[intro] [contents] [overview] [articles] [resources] [letters] [references] [flyer]

Global Failures in Need of Local Solutions

by Naomi Klein

A funny thing happened at an international gathering on the devastating effects of economic globalization: hope. No, wait - better than that: joy.

The Global Teach-In, held in Berkeley, Calif. a week ago, brought together leading scientists, activists and researchers to examine the real impacts of a single world market. Close to 2,000 people gathered to hear speeches on cultural sovereignty, technol ogy, the distribution of wealth, the environment and democracy.

Don't get me wrong - it wasn't pretty. We heard that in communities all over the globe, the same backward struggles are being fought: the closing of cherished hospitals, the corporatization of education, the abandonment of urban centres, the dismantling o f environmental protection, food shortages, escalating homelessness and rapid depletion of natural resources.

So why was everyone so happy? Precisely because the failures of globalization have become self-evident. It is increasingly clear that the stuff that makes stocks soar and markets grow isn't trickling down at all. The numbers are in: global competitiveness is being used to beat everyone over the head. There are food riots in Pakistan and Mexico, massive strikes in South Korea, France, Brazil and right here in Toronto.

According to the World Bank, the number of people worldwide living in "absolute poverty" has gone from 800 million in 1972 to 1.3 billion today - this at a time when economists are declaring a "third golden wave" of economic growth. It doesn't take a geni us to figure out that when all over the world, things are getting worse for people and better for business, the system isn't working. And that, said Lori Wallach, a leading critic of trade agreements with the Washington-based group Public Citizen, is why there is finally cause for hope.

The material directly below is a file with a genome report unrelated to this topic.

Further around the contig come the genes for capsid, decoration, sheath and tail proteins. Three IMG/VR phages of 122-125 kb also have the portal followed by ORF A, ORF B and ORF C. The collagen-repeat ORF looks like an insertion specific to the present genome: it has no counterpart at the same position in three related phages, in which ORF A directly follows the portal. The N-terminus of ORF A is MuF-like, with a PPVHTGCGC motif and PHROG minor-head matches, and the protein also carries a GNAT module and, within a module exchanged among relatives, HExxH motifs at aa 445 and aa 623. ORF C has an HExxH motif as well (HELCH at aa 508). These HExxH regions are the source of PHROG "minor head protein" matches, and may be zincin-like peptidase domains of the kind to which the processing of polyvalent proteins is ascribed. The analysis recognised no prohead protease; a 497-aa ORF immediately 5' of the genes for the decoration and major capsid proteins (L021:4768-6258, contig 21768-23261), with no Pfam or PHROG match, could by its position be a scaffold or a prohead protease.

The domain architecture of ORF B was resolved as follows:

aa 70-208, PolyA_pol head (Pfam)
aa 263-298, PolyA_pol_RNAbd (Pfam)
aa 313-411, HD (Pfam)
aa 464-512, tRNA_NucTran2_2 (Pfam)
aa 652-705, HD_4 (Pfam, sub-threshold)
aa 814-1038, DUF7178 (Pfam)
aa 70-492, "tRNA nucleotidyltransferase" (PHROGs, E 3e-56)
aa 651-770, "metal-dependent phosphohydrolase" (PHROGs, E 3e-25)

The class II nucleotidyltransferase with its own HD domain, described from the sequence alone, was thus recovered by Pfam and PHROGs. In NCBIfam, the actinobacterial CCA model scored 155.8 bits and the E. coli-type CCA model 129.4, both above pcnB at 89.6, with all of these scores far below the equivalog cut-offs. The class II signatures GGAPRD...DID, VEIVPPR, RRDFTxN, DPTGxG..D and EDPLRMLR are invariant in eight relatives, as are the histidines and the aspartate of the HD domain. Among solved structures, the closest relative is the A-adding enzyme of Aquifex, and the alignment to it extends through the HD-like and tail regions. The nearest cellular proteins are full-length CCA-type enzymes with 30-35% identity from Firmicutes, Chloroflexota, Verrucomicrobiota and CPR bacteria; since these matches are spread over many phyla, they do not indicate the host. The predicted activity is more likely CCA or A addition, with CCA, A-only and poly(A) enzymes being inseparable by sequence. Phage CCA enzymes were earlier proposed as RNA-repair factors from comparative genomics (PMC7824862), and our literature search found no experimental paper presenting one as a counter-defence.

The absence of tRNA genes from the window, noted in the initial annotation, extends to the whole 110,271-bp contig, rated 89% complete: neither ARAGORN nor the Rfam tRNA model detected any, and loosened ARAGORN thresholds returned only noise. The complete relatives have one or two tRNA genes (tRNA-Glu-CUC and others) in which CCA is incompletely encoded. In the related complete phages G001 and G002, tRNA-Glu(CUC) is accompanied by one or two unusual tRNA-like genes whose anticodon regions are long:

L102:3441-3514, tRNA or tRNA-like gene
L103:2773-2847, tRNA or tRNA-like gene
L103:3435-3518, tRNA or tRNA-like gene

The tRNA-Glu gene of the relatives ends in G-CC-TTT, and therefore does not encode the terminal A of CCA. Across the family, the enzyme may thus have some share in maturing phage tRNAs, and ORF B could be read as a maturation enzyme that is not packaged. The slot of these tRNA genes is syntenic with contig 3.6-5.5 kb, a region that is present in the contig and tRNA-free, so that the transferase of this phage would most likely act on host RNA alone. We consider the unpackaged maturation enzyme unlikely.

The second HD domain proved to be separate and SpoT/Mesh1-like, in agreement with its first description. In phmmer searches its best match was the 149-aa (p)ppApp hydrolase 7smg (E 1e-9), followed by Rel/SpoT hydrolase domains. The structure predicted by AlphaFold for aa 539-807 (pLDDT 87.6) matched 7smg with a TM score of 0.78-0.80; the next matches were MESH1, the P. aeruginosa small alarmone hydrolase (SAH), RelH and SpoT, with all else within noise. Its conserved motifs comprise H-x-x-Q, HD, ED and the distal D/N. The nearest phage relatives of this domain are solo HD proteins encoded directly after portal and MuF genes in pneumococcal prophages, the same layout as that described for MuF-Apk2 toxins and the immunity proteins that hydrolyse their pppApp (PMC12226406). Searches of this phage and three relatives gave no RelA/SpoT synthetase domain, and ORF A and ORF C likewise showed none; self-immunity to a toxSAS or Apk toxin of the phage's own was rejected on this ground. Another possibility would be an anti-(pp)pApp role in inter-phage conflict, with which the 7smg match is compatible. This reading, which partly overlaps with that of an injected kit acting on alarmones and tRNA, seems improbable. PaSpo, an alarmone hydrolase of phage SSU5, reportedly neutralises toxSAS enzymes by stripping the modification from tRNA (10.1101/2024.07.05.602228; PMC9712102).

"The real life outcomes are so awful that they give us the ammo to jujitsu the corporate utopia right back at their heads,'' she said, throwing a copy of NAFTA off the podium.

There was a sense that the simple act of getting together and putting local struggles in a global context made change inevitable. After all, the engines behind economic globalization meet many times a year - at G-7 Economic Summits, World Bank meetings an d the World Economic Forum in Davos, Switzerland.

On the other hand, the people struggling to protect their communities rarely connect with those fighting similar battles elsewhere. When they do, the evidence is so overwhelming, the common ground so uncanny, that an international resistance movement begi ns to emerge almost on its own accord.

If corporations are free to scour the globe for the lowest wages and most lenient environmental and social regulations, then the response from labor, human rights and environmental groups must also take place on the global stage.

Labor leaders spoke of building links between laid-off workers in the North and exploited workers in the South. There was talk of a tax on foreign exchange transactions, a NAFTA accountability act, a three-strikes-and-you're-out rule for corporate crimina ls, global plebiscites and a global minimum wage. Jean-Pierre Page, director of France's largest labor union, spoke of "national movements with international campaigns."

What is being proposed is not a kinder, gentler global economy, but an internationally co-ordinated return to more community-based decision making. The idea of a global social justice movement, however, represents a drastic shift for the people who have b een fighting for national sovereignty in their countries for decades. Maude Barlow, whose work fighting free trade in Canada has made her a leader in the emerging anti-globalization movement, put it this way: "It's the elite of all countries versus the ge neral population. We're on the edge of a new global consciousness."

A good place to test these newly forged alliances is on the recently leaked Multilateral Agreement on Investment. The global treaty, which could come before the House of Commons by the fall, would make it illegal for countries to try to prevent job flight or to impose job creation or community reinvestment provisions on foreign investors.

This too, I think, is a sign of hope. The MAI is a pre-emptive strike against any future attempts to control the flow of capital. That means the corporations themselves see the transience of their current moment of global triumph. They know that sooner or later, democratically minded people will want to take control over their lives. And that, said one speaker is "why it's so exciting to be alive."

This editorial was published in the Times Colonist (the Victoria, BC, daily newspaper) as a guest editorial on Apr 22 and had appeared in the Toronto Star on April 21.

[intro] [contents] [overview] [articles] [resources] [letters] [references] [flyer]